Two weeks ago the European Parliament’s Policy Department for Citizens’ Rights and Constitutional Affairs published a broad study on the legal instruments and practice of arbitration across the European Union and Switzerland. This study was undertaken over the past year at the Brunel Centre for the Study of Arbitration and Cross-Border Investment and is based on academic research and the results of a large-scale survey of arbitration practitioners across the EU and Switzerland.
The primary goal of this study is “to portray accurately the actual diversity of arbitration law and practice across the European Union and Switzerland” in order to “discuss the strengths and weaknesses of the law and practice observed” in each European jurisdiction. In doing so, it first examines the legal framework and practice of arbitration in each Member State. It then analyses specialised topics of arbitration such as commercial, consumer and online arbitration and finally it evaluates the involvement of EU Member States and the EU in investor-state arbitration.
The study also provides insights into and recommendations for potential future actions and reforms mainly to improve the interaction between arbitration and EU law. Whilst the purpose of this contribution is to guide the European Parliament in its future decisions regarding arbitration, it remains uncertain whether potential reforms on this topic are part of Europe’s broader agenda. Continue reading
The English Commercial Court has granted an application under section 32 of the English Arbitration Act 1996 (the Act), determining that a tribunal appointed by the Refined Sugar Association has substantive jurisdiction to hear a dispute that has arisen out of a sugar sale between Toyota Tsusho Sugar Trading Limited (Toyota) and Prolat S.R.L. (Prolat). Section 32 provides that, if certain conditions are satisfied, a court may determine any question as to the substantive jurisdiction of the tribunal.
The application arose because Prolat had brought proceedings against Toyota in the Italian courts contending, among other things, that there was no arbitration agreement. Toyota had started arbitration proceedings in London against Prolat on the basis that the parties had concluded an agreement to arbitrate.
The Court first considered its jurisdiction to consider the question of the existence of the arbitration agreement given that Prolat had commenced proceedings in Italy, and the relevance of the Brussels Regulation (and the Recast Brussels Regulation to take effect on 10 January 2015 – see our blog post). It concluded that the existence of the Italian proceedings did not encroach on its jurisdiction to make a determination on the issue of the tribunal’s jurisdiction as arbitration fell outside the Brussels Regulation and it was not being asked to interfere with the Italian proceedings which fell within the Brussels Regulation.
The Court focused on an analysis of the contract and the arbitration clause and found that (a) on the facts, the contract and the arbitration clause were valid and governed by English law; and (b) the dispute between the parties fell within the scope of the arbitration clause.
This case highlights the possibility, provided by section 32 of the Act, of creating a “shield” judgment to try to prevent enforcement in England of a judgment made in Member State court proceedings brought in breach of an arbitration agreement.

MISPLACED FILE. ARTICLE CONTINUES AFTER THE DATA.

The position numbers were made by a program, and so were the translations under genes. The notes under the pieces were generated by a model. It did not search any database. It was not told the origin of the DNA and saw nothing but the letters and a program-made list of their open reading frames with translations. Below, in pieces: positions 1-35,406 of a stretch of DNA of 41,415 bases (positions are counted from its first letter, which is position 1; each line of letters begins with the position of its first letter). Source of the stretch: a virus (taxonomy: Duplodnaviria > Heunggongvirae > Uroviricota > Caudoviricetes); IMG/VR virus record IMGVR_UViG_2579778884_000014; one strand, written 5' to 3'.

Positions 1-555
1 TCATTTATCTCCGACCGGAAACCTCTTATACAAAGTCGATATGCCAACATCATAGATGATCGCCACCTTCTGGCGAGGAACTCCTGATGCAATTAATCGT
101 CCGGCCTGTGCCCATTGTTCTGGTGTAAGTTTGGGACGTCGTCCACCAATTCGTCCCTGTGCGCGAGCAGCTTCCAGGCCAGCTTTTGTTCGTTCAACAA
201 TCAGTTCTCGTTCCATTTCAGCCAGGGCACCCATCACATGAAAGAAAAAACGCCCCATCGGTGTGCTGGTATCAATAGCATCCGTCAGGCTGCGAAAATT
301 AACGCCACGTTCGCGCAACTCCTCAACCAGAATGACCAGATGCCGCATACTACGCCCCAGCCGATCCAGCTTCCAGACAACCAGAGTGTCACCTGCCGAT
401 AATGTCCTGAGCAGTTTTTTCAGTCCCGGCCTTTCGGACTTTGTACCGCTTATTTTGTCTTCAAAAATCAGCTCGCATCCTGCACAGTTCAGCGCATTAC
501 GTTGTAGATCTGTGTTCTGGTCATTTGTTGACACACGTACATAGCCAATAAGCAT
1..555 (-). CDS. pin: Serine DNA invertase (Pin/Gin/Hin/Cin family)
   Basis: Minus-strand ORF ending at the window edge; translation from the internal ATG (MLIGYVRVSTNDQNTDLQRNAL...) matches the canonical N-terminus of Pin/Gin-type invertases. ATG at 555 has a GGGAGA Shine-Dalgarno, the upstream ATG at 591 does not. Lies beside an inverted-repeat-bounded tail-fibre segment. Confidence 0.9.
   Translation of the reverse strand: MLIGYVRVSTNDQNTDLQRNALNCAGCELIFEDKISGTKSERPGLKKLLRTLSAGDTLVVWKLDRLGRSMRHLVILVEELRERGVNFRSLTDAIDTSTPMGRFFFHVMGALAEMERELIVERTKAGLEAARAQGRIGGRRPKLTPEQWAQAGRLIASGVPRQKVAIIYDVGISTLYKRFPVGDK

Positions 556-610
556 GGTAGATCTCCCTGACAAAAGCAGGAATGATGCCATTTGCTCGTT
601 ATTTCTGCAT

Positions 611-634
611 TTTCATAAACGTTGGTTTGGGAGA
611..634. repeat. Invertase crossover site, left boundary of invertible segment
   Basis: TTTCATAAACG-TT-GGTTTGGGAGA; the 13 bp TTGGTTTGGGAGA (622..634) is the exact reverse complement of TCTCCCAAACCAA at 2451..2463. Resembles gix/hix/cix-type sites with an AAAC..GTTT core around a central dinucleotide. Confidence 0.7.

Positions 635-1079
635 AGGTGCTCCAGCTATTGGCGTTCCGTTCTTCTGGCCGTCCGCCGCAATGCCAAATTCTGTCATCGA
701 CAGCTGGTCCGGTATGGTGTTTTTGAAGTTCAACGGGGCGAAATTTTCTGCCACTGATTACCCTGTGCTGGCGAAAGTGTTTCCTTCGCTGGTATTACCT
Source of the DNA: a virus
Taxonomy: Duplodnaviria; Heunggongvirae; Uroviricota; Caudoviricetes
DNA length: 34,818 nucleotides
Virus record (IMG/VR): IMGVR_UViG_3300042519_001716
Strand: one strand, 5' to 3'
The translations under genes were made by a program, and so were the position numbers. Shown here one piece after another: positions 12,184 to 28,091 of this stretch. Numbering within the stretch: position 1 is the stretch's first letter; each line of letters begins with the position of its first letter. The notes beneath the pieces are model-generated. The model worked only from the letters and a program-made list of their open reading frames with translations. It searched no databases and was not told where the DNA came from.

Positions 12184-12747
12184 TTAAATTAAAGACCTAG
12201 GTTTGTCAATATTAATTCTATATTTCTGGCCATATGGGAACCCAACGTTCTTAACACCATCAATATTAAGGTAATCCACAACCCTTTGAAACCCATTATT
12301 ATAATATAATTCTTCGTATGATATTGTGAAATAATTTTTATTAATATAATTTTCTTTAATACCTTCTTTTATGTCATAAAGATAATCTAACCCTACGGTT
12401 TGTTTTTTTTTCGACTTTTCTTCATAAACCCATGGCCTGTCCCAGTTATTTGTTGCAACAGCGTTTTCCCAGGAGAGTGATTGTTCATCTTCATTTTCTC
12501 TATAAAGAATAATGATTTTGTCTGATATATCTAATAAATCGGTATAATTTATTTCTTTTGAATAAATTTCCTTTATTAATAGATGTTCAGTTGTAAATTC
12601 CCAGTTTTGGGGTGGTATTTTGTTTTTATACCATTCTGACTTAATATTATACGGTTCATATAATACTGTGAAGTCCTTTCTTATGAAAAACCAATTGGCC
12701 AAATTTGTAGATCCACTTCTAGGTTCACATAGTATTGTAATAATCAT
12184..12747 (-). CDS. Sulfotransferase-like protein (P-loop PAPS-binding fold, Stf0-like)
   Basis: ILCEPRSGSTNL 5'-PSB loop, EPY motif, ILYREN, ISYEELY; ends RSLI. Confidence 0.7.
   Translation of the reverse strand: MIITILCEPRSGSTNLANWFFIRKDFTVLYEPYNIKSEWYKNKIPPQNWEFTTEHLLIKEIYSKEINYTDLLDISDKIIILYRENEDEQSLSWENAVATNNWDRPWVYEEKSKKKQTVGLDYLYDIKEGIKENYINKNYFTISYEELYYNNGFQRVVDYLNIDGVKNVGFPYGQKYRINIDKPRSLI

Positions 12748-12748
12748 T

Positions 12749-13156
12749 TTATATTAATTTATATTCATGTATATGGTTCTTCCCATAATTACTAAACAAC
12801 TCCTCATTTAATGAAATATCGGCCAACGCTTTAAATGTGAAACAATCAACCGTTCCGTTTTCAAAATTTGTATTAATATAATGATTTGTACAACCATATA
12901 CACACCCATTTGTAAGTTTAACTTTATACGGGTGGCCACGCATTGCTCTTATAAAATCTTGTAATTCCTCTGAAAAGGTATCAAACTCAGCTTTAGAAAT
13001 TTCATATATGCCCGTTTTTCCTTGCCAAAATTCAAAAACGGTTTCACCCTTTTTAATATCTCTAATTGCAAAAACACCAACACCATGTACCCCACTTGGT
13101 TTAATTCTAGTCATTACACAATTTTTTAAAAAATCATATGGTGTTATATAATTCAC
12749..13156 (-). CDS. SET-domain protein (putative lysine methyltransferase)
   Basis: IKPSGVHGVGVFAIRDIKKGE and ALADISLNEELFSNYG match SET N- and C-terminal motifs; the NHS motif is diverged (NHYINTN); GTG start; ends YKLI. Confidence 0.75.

In The London Steam-Ship Owners’ Mutual Insurance Association Ltd v The Kingdom of Spain and the French State  EWHC 3188 (Comm), the High Court had to consider whether to exercise its discretion under section 66 of the English Arbitration Act 1996 (the Act) to permit enforcement of two arbitral awards giving declaratory relief to the protection and indemnity insurers (the Club) of the owners of a vessel that had sunk off the coast of Spain, causing a major oil spill. The arbitral awards made declarations limiting the liability of the Club in relation to claims brought by the Spanish and French States (the States) as a result of the oil spill. The application was made by the Club on an urgent basis, as it understood that a Spanish court would soon issue a judgment in respect of the same cause of action.
The States challenged the substantive jurisdiction of the tribunal that had rendered the two awards (the Tribunal) on the grounds that their rights of direct action against the Club were in essence independent rights under Spanish law, the claims were not arbitrable and (in relation to France’s claims only) waiver of the right to arbitrate by the Club. However, the Court dismissed all of the challenges, emphasising that the States’ claims were in substance claims under a contract of insurance between the Club and the owners of the vessel (the Contract) and that they fell within the scope of the arbitration clause in the Contract.
The States’ further contention that the English courts lacked jurisdiction over them in view of their state immunity under the English State Immunity Act 1978 (the SIA) was rejected by the Court. In bringing claims in relation to the Contract, the States had, for the purposes of the Act and the SIA, become parties to the Contract and the agreement in writing in the Contract to refer claims to arbitration. The States therefore came within one of the exceptions to state immunity in the SIA.